yyz: "Now days I think: What

yyz: "Now days I think: What is the problem? Understand how it happened. Explain my view. Listen to her view. Admit fault, or accept apology. If we are still divided, then agree to disagree on the subject. Move on from there."

Love that! That is how ALL 'situations' should be handled...ADHD or not. :)

You know I don't have ADHD, and my husband the best of my knowledge:

-no he doesn't have any problems telling me he loves me, how much he loves me, how lost his would be without me in his life, how much I mean to him, how beautiful he thinks I am, how good of a person he thinks I am, how lucky he is to have me, etc.

-he HATES communicating about anything significant over text. He HATES e-mails. I communicate better in writing...feel it really helps give me a chance to say what I want, editing and deleting things I don't really want to say. We have found a compromise for this problem by keeping a journal that we both write in. He hasn't always responded to things I've written (just like he would ALWAYS...and I mean ALWAYS ignore my e-mails), but for the most part it has helped. If I am having a tough day at home and need to talk to him, I will write in our journal (or just in a notebook) and show it to him after he gets home. My interrupting his work day with marriage problems (which cause him to unravel at the speed of light) had to stop. So this works best, but it has been hard for me to 'wait'...since I need to fix everything..yesterday.

He prefers face to face, uninterrupted conversation...and before he started meds, this was a very effective way for us to spite of the occasional misunderstanding or disagreement. Since starting meds, he has been far more defensive, I never know what will set him off (things I would have NEVER dreamed), and our communication has suffered greatly. Before meds, we would sit and talk about anything and everything...there was no need for 'meetings' and avoidance of certain topics until counseling sessions, etc.

It is all getting better...thank the Lord. He recognizes what has happened..and we are working to fix it.

We have gone through periods in our marriage (best I can tell they are the 'dark side' of ADHD that Dr. Hallowell talks about) where communication was NILL! NOTHING. If I left him alone and never uttered a word to him, he wouldn't acknowledge my exsistence. It's devastating.

I hope this helps some.


Just wanted to add....I

Just wanted to add....I prefer talking face-to-face as well, but developed a habit, over the years, of sending e-mails feeling maybe, JUST MAYBE he would 'hear' me that way. It never worked. Talking face-to-face was nothing more than 'round and round we go' or 'he said, she said'. I guess it was a way to drive my point home...because I never felt heard.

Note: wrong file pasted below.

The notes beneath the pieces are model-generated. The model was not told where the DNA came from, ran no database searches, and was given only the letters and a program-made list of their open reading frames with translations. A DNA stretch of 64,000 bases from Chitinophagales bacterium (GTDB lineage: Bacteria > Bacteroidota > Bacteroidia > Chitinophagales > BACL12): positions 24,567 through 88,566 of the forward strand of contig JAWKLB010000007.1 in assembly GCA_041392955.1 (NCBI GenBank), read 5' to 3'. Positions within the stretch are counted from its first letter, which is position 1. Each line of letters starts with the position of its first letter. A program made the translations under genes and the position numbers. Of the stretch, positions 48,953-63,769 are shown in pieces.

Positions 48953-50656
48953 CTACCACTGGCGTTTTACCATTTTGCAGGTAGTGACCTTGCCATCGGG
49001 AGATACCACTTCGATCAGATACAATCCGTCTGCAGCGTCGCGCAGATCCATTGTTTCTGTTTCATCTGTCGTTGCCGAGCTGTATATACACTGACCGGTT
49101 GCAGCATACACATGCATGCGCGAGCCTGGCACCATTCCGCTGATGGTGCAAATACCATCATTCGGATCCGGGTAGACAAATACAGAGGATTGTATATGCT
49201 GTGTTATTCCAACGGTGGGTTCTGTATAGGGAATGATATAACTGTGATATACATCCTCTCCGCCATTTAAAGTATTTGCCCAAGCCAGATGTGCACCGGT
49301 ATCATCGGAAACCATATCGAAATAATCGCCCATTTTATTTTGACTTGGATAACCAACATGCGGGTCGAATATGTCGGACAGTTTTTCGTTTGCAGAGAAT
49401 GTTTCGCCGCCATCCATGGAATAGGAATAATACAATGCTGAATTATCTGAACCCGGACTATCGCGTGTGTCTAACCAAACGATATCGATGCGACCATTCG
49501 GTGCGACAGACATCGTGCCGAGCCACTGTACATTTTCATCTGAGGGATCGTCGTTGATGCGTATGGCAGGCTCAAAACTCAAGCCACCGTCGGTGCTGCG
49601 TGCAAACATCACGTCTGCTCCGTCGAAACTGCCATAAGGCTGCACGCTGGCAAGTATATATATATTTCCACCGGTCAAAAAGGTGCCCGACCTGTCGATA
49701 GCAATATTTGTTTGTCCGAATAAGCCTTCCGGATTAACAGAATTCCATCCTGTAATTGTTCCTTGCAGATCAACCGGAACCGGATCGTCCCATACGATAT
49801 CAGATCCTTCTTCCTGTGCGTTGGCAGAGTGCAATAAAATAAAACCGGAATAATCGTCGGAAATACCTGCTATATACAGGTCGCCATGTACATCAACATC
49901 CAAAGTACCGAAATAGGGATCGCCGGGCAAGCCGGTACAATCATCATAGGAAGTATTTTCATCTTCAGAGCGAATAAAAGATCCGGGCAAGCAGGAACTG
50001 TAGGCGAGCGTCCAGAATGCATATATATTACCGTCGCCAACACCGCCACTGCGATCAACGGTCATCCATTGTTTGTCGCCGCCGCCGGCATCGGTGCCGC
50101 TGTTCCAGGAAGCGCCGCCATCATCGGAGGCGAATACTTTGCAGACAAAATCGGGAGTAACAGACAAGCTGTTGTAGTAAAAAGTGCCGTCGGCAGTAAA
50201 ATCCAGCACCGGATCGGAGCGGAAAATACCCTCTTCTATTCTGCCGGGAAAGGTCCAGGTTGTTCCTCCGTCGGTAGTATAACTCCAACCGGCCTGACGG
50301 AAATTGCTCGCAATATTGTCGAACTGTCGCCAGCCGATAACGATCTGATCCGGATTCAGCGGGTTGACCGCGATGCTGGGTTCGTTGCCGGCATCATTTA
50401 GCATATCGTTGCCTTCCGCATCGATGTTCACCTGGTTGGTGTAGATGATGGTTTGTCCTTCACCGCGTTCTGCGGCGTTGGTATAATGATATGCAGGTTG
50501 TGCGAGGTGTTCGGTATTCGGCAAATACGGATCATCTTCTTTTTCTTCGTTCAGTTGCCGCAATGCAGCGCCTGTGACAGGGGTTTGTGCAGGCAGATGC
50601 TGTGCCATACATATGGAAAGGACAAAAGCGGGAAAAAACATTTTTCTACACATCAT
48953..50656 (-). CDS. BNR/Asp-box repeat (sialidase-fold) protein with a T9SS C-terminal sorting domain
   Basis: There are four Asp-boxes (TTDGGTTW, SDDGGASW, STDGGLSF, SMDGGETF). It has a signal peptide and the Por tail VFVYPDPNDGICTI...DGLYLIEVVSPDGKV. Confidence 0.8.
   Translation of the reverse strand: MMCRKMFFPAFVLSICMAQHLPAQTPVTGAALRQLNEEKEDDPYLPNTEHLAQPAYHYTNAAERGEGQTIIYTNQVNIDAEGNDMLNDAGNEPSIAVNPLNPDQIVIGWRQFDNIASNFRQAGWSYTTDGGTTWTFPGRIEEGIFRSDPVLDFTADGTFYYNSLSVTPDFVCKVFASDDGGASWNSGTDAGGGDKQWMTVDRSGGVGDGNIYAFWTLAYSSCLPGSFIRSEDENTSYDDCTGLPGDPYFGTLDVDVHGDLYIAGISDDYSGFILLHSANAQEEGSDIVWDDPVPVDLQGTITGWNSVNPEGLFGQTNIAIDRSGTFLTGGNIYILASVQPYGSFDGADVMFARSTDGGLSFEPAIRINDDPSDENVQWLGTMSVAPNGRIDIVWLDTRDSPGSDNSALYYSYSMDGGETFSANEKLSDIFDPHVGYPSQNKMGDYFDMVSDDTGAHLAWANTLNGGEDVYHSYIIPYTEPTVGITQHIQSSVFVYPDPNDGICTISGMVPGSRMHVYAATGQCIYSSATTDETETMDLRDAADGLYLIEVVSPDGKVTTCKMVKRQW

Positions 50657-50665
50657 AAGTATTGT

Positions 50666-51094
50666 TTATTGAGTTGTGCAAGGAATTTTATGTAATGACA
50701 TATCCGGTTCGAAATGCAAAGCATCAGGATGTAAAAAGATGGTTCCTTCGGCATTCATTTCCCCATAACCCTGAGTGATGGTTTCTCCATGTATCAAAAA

We were able to talk more face-to-face until he started meds (again, getting better) and the e-mails had vanished. The journal was my idea because I feel that there are sometimes thoughts and feelings that need to be said, but not necessarily be part of a conversation, ya know? We don't have to hash out, sort through, and analyze to death each and every thought we have. It was a way to share thoughts, concerns, fears, feelings, joys, etc...without actually having to have a conversation about it. Originally my thought was it would be a way for me to say "that really hurt my feelings when you XXX" or "I am so proud that we are doing so well" and stuff like that...but it has become a way for me to express myself when he isn't available for me to talk to him. He is trying to accept my need to do this and I am trying to accept that my timing sometimes sucks. (like calling him during work to discuss heavy issues).

I think that's a very good

I think that's a very good tip, no matter what couple. We don't always think about what the other person is doing and just contact them whenever we are upset, it's so easy to do that nowadays with email and all. But if I'm in the middle of focusing on work I would also get annoyed at my husband if he sent me a long email with "feelings and nagging" as I would view it as at that very moment. Having a notebook or similar system that the other can read in when they feel ready and open for that kind of communication is really clever. I've heard of people having a set day in the week or month, set time, so both are prepared and know what to expect.

I also dislike text form. I really do love it as you can read things over and over and really give something a second chance etc it's just too hard for me to follow. I call a lot, if I have a question about something I spend nothing but a few seconds trying to google it then give up and call the company or whatever it is directly. It's safe, then I don't misunderstand or.. miss something.